I live in Lewes. For those who don’t know the place, its  an ancient historic town – the county capital of East Sussex – which has tenaciously maintained its identity and traditions down the centuries.

Today (November 5th)  sees the culmination of the most famous of those traditions with ‘Bonfire’:  a colourful, loud ( in fact very loud) folk festival of fire and sound; costumed parades, fireworks and blazing torches celebrating a rather confused history. It commemorates both the martyrdom of 17 Protestants burned at the stake in the town centre in the reign of Queen ‘Bloody’ Mary in the 1550s, as part of her doomed bid to return the country to Rome.

Also it  marks the foiling – on this November day – of the 1605 Gunpowder Plot – a doomed Catholic 9/11 style conspiracy to blow up the entire English Protestant Establishment – King, Lords and Commons – that can still serve as a stark warning of the dangers of violent religious extremism and terrorism  very topical in our own day.

Although modern Bonfire has outgrown its frankly sectarian, Pope-burning origins, it  is still a gloriously politically incorrect celebration of what was once known as ‘Merrie England’ and entirely in keeping with Lewes’s own radical past, and indeed of a certain cussedly contrarian spirit typical of Sussex. Not for nothing is  the county’s motto the stubborn words ‘We won’t be druv’, for  Lewes’s other main claim to fame besides Bonfire is that it was the place where the famous 18th/19th century radical Tom Paine got radicalised.

Paine,  an excise officer from Suffolk, not only unionised his fellow officers during his time in Sussex (which apparently got him sacked) but started a debating society, the Headstrong Club,  at which then shocking concepts such as Republicanism and questioning the existence of God were openly discussed.

Paine ended up writing ‘The Rights of Man’ and ‘The Age of Reason’ in which he questioned and debunked traditional authority, temporal and spiritual, and substantially contributed to the climate of thought whch brought about both the French and American revolutions – in both of which he took a leading role. In fact, true to the adage that revolutions devour their own children, Paine very nearly lost his head to the Guillotine in Paris when the radicalism which he advocated went just a tad too far.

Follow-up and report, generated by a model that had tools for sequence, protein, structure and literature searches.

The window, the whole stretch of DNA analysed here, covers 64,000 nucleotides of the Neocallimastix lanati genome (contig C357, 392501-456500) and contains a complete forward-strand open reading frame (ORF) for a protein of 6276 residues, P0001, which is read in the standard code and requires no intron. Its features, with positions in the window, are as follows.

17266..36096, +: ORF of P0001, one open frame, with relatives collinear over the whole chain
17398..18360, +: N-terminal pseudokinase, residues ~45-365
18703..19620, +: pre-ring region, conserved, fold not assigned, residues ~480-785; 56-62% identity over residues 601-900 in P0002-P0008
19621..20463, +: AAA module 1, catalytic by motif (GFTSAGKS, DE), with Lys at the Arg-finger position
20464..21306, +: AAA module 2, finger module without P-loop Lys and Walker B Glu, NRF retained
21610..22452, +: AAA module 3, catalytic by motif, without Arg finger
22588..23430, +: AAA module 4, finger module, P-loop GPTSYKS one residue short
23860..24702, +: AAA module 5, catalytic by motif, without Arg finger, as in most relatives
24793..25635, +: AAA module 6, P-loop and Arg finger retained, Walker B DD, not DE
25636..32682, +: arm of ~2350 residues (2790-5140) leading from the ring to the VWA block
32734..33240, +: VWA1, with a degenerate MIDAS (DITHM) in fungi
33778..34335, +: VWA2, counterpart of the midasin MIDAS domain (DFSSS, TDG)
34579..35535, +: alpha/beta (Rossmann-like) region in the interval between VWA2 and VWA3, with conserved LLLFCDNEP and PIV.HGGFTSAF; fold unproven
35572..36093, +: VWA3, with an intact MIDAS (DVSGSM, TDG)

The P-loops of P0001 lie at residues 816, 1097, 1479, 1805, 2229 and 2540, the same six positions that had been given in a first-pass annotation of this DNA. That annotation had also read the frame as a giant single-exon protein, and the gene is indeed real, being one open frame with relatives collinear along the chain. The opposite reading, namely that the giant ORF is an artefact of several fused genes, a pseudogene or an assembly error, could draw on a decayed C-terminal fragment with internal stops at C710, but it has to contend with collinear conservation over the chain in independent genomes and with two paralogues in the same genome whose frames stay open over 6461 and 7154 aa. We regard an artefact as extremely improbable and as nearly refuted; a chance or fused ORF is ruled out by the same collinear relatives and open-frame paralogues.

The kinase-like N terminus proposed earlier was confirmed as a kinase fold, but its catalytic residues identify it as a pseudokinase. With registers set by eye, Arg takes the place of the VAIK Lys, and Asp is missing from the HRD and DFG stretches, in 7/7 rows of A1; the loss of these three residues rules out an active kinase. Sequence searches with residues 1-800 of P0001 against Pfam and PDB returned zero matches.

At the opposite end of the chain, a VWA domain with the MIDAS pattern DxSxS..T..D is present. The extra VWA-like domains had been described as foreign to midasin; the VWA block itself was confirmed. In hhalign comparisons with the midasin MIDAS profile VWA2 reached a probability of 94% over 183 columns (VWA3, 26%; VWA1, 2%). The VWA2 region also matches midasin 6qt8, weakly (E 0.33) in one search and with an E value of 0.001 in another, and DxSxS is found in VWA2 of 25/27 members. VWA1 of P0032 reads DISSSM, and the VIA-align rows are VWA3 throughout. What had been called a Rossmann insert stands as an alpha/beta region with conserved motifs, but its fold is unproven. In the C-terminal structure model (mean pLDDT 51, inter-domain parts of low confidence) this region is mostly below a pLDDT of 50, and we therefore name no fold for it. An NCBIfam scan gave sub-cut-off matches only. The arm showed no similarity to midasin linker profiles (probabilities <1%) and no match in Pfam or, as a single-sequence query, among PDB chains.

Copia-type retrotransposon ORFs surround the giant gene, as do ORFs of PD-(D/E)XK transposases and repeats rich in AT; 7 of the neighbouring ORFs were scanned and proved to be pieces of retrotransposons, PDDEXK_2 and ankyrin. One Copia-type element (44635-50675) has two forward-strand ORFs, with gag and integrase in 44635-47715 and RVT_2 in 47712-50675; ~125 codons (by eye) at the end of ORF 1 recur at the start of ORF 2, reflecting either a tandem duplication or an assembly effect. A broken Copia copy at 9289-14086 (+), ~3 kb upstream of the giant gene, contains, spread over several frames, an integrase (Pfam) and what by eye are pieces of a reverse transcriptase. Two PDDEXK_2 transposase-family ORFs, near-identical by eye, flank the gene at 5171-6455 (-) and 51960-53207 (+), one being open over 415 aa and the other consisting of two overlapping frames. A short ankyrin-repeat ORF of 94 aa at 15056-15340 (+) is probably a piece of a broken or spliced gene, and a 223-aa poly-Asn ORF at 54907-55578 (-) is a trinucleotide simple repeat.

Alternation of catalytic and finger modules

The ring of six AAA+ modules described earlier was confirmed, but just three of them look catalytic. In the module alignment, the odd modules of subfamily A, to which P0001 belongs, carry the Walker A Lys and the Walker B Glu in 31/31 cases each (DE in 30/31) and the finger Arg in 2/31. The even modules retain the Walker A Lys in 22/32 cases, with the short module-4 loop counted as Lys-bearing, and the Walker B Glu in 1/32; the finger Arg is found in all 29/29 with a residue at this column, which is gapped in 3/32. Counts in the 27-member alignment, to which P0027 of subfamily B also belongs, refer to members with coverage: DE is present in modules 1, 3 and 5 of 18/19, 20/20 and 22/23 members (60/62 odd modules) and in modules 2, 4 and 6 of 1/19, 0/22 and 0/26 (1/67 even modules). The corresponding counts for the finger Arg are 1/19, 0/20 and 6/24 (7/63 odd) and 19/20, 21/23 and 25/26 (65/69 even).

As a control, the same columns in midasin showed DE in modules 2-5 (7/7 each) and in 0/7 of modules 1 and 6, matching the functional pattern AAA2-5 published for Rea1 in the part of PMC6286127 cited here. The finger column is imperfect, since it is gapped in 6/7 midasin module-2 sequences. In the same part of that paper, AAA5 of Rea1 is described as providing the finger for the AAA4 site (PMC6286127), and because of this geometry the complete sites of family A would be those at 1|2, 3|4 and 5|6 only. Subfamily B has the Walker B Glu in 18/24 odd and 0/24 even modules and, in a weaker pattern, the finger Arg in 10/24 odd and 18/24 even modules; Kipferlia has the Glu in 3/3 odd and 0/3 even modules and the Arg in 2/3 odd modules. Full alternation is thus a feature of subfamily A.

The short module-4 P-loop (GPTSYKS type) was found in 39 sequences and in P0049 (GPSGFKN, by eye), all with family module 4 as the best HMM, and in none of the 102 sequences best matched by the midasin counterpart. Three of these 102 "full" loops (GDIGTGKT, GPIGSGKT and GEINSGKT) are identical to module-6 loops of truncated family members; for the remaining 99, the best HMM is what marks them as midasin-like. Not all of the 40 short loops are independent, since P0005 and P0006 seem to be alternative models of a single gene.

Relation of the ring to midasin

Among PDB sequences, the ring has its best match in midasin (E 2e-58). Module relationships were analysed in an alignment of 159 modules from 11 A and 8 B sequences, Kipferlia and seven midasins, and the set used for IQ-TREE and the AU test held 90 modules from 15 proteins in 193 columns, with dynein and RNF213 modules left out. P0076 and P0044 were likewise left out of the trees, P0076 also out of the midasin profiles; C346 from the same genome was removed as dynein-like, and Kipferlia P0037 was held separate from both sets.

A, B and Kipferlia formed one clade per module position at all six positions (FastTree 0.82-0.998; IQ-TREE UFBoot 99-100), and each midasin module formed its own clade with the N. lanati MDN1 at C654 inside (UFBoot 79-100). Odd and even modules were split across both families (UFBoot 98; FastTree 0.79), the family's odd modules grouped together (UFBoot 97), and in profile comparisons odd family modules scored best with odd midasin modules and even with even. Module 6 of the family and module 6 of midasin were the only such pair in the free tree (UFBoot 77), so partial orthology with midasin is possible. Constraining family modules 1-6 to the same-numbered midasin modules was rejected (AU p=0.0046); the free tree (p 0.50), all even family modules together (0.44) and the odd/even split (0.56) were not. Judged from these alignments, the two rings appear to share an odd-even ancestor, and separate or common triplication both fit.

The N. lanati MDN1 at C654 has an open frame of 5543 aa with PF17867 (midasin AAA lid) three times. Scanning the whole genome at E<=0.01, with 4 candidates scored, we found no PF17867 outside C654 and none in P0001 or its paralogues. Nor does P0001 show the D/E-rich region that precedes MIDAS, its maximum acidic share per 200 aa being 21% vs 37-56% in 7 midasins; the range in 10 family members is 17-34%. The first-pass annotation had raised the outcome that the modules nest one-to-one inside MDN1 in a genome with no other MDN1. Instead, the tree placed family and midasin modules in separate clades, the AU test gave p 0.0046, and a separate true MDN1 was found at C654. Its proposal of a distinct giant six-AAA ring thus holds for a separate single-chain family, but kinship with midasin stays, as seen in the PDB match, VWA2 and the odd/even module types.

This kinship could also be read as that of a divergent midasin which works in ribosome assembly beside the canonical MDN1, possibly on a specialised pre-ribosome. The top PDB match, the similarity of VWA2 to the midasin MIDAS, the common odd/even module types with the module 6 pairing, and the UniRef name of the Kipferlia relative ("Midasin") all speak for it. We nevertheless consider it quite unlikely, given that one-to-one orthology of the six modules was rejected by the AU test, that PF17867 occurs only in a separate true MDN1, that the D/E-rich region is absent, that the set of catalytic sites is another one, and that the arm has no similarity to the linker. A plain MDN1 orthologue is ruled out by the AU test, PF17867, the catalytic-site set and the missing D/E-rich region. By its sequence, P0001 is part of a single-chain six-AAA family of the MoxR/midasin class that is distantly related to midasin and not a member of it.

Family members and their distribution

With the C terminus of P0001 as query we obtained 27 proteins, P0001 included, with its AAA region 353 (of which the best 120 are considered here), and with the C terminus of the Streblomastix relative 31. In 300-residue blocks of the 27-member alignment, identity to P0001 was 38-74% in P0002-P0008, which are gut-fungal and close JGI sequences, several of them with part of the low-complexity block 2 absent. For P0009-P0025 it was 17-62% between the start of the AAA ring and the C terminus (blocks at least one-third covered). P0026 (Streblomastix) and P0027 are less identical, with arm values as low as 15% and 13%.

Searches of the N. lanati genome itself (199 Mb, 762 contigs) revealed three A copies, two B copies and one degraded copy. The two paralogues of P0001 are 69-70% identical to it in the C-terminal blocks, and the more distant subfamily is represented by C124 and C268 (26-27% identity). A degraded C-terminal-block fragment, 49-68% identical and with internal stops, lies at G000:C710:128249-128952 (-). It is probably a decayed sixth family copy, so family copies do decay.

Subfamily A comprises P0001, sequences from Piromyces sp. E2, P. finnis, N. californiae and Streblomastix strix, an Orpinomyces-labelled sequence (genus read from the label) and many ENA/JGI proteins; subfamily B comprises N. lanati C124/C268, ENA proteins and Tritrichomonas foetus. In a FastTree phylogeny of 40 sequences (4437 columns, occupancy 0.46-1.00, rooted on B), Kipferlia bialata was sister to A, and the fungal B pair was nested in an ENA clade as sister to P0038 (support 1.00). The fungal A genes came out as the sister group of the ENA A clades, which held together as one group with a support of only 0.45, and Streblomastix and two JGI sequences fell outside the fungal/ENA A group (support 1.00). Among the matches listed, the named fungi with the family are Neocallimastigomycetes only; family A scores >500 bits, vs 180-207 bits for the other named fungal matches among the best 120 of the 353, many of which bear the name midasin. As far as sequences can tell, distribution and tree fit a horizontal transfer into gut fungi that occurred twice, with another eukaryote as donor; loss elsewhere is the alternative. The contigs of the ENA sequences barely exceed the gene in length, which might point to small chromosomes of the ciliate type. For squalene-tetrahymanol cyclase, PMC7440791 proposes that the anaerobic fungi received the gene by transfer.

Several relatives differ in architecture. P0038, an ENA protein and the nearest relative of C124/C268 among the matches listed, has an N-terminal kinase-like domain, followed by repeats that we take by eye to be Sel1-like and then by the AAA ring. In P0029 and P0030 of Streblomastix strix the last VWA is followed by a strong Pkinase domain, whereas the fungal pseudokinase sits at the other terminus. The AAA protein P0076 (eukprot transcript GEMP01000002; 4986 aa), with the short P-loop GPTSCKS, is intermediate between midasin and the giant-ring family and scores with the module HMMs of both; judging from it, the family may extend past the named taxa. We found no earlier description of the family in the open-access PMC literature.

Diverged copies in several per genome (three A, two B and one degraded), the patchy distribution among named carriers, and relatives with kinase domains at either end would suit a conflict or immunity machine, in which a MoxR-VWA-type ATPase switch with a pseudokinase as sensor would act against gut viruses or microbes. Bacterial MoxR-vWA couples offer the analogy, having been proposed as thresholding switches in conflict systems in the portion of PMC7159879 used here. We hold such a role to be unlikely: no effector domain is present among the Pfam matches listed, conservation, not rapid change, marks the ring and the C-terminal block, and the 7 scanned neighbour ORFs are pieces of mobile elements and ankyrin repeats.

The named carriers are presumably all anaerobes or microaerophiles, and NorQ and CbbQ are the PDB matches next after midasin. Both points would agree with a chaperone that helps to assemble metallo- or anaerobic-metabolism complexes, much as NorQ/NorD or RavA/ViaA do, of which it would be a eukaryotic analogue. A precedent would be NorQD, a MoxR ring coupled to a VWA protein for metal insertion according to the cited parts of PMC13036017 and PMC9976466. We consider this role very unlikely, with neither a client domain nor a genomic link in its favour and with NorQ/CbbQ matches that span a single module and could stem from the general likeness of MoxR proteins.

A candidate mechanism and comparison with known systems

Lewes, then, was imbued with the radical, rebellious spirit which led to the great upsurge of socialism in the 19th and early 20th centuries – and in its more extreme Communist form, to the great bloodbaths of the Russian, Chinese and other Third World revolutions that left half of humanity groaning in a totalitarian vice that only eased in 1989 with the collapse of Soviet-style Communism.

Britain, which experienced its own revolution deteriorating into dictatorship in the 17th century, steered clear of such extremism, thanks to its painfully achieved traditions of toleration, Parliamentary democracy, and peaceful political evolution. But it always hosted a healthy tradition of dissent: from the  Levellers of the Civil War, through to the Chartists, and allowing Karl Marx, Lenin and their Communist cronies to plot here, the Suffragettes,  the conscientious objectors in both world wars and the CND marchers from the 1960s-1980s.

In the 21st century, it seems, real radicalism in Britain curled up and died. It’s killers, like the murderers on the Orient Express, were legion. There was Tony Blair and New Labour smothering the ghost of Old Labour; there was the collapse of Communism and with it the socialist dream of human perfectibility; and there was the worldwide triumph of free market capitalism.

But if the Right had won all the economic arguments, it was the Left who seized the commanding heights of culture. From the 1960s onwards, the bastions of the hated old conservative establishments: Academia, the Judiciary, the BBC, the Police – fell to the Left. As a result, a new Establishment, Politically Correct, sympathetic to socialism, statist, pro the EU, fanatical about climate change; anti the nation state, anti-Christian, paternalist, authoritarian and downright creepy – is in command of our culture.

Many of the people who make up this establishment have failed to recognise their new status. Growing up in the 1960s when their views were considered shocking, or perhaps the children of those who did, they are blinded to how mainstream left wing thinking has become. Like teenagers wearing black to rebel they proudly display their ‘radical’ credentials, unaware that they only serve to highlight their aching conformity. Nowadays, it is those within the profoundly unfashionable classical liberal right who are swimming against the tide.

Although this sad state of affairs seems that it will last forever, history shows that at some point there will be a revolt – perhaps even a revolution – against this insidiously soft tyranny. And that it why, with the Left as our new ruling class, the new radicals, the real rebels, the Tom Paines of tomorrow, have got to be on the right.


Nigel Jones is a UKIP MEP candidate for the South-East Region.

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